They should prepare for the worst. Taxpayers too.
“I don’t see how you do what he is proposing to do without RIFs (reductions in force) and layoffs,” said Rep. Gerald E. Connolly (D-Va.), the ranking Democrat on the House Government Operations Subcommittee. “I think RIFs are inevitable.”
Trump’s budget plan is just a plan at this point, so feds don’t need to get another job yet.
One thing is certain — uncertainty is a big part of the problem. The huge proposed cut — Office of Management and Budget Director Mick Mulvaney called it the “largest-proposed reduction since the early years of the Reagan administration” — generates more questions and anxiety.
“Uncertainty is the bane of efficient operations,” said Max Stier, president of the nonprofit Partnership for Public Service, which studies the federal workforce. “You don’t want it.”
The hiring freeze Trump imposed in January is another source of uncertainty. It has no set end date. Trump’s hiring freeze memorandum says it will conclude when OMB implements “a long-term plan to reduce the size of the Federal Government’s workforce through attrition.”
“Attrition” does not mean layoffs. Yet, the magnitude of his proposed cuts mean RIFs can’t be ruled out.
Matt Biggs, legislative director of the International Federation of Professional and Technical Engineers, said his federal employee members fear the impact Trump’s budget could have on their agencies and their jobs. “Budget cuts and an otherwise undermining of their missions,” Biggs said, leave workers feeling “vulnerable.”
There is no way to manage the steep cuts Trump plans without pain. If RIFs don’t happen, there are other ways agencies can save money. None of them feel good. The hiring freeze could be extended. Another pay freeze could be imposed. Instead of layoffs, agencies could offer buyouts, potentially leading to workplace instability. All of these come with problems.
Trump’s cuts would make life difficult not just for federal employees, but also for the millions who use their services.
Some staffers are not so afraid “of losing their jobs outright at the moment — although this is subject to change,” said Randy Erwin, president of the National Federation of Federal Employees, “but they are worried about the impact of additional cuts on services and programs.”
Congressional shortchanging forced the Internal Revenue Service to provide service so bad — long telephone wait times for example — that even IRS Commissioner John Koskinen once called it “abysmal.”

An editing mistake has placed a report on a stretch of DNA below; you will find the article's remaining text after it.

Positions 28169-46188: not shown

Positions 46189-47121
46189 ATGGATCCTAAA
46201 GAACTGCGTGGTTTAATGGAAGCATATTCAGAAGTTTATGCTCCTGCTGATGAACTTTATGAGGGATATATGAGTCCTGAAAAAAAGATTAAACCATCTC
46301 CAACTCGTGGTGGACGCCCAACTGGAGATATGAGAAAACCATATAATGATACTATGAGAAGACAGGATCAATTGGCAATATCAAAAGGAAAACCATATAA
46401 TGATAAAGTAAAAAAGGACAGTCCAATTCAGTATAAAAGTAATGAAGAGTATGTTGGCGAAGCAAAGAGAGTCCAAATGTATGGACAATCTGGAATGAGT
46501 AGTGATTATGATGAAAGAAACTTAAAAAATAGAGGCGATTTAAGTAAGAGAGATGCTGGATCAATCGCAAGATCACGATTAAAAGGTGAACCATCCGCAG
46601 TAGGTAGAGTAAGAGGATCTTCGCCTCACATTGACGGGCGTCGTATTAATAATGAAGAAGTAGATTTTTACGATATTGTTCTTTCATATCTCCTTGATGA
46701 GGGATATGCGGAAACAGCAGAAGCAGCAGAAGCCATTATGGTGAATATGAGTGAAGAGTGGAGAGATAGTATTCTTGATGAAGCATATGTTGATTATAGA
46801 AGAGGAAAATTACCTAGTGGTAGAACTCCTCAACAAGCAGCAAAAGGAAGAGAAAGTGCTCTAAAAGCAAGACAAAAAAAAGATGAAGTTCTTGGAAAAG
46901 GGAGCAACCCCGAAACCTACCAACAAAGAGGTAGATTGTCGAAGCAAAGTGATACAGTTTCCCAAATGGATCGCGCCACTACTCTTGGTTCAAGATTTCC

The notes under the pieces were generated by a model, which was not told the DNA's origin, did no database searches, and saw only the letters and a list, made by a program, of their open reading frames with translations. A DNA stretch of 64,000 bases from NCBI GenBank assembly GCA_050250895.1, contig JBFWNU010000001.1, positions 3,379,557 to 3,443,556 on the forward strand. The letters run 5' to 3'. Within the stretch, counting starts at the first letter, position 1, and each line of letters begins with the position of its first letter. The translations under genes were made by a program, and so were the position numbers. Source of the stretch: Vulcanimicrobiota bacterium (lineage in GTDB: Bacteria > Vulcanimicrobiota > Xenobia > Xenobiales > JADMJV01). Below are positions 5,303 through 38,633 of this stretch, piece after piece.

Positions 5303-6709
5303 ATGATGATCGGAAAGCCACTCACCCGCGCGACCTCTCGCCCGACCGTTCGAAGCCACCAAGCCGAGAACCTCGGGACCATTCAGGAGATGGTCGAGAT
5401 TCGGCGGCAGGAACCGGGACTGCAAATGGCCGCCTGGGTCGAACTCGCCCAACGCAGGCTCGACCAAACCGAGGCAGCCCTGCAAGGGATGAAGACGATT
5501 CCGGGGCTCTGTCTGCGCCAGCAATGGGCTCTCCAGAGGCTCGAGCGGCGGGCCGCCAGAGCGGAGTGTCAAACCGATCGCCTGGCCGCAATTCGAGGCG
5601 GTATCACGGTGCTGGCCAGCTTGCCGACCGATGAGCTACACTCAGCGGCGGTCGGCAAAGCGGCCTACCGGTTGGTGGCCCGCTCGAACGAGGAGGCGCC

The Social Security Administration cut office hours to save money in 2012, leaving taxpayers disturbed and inconvenienced.
Yet, it is staff-heavy agencies such as these, with a high percentage of workers providing direct service to the people, where staffing cuts are the most likely, said Sharon Parrott, senior fellow and counselor at the left-leaning Center on Budget and Policy Priorities, “because so much of their budgets is in staffing.”
Mulvaney called Trump’s spending proposal “a true America-first budget.” But it portends annoyance and aggravation for Americans seeking decent service from federal agencies.
“Many of the federal agencies that would be targeted by these budget cuts already have been cut to the bone this decade as a result of harmful austerity policies,” said American Federation of Government Employees President J. David Cox Sr. “Americans see firsthand the result of these budget cuts when they have to wait in longer lines to visit a Social Security office or go through airport security screening.
“Further cuts could leave some agencies with not enough employees to do the work that’s required, forcing them in some cases to outsource the work to more costly contractors — negating any of the financial benefit from the cuts in the first place.”
It’s too early to know exactly what Trump’s cuts would mean for the workforce, but Connolly is sure it will have “enormous ramifications” for government staffers.
“I think it’s going to have huge impact on federal workforce,” he added, “and not a good one.”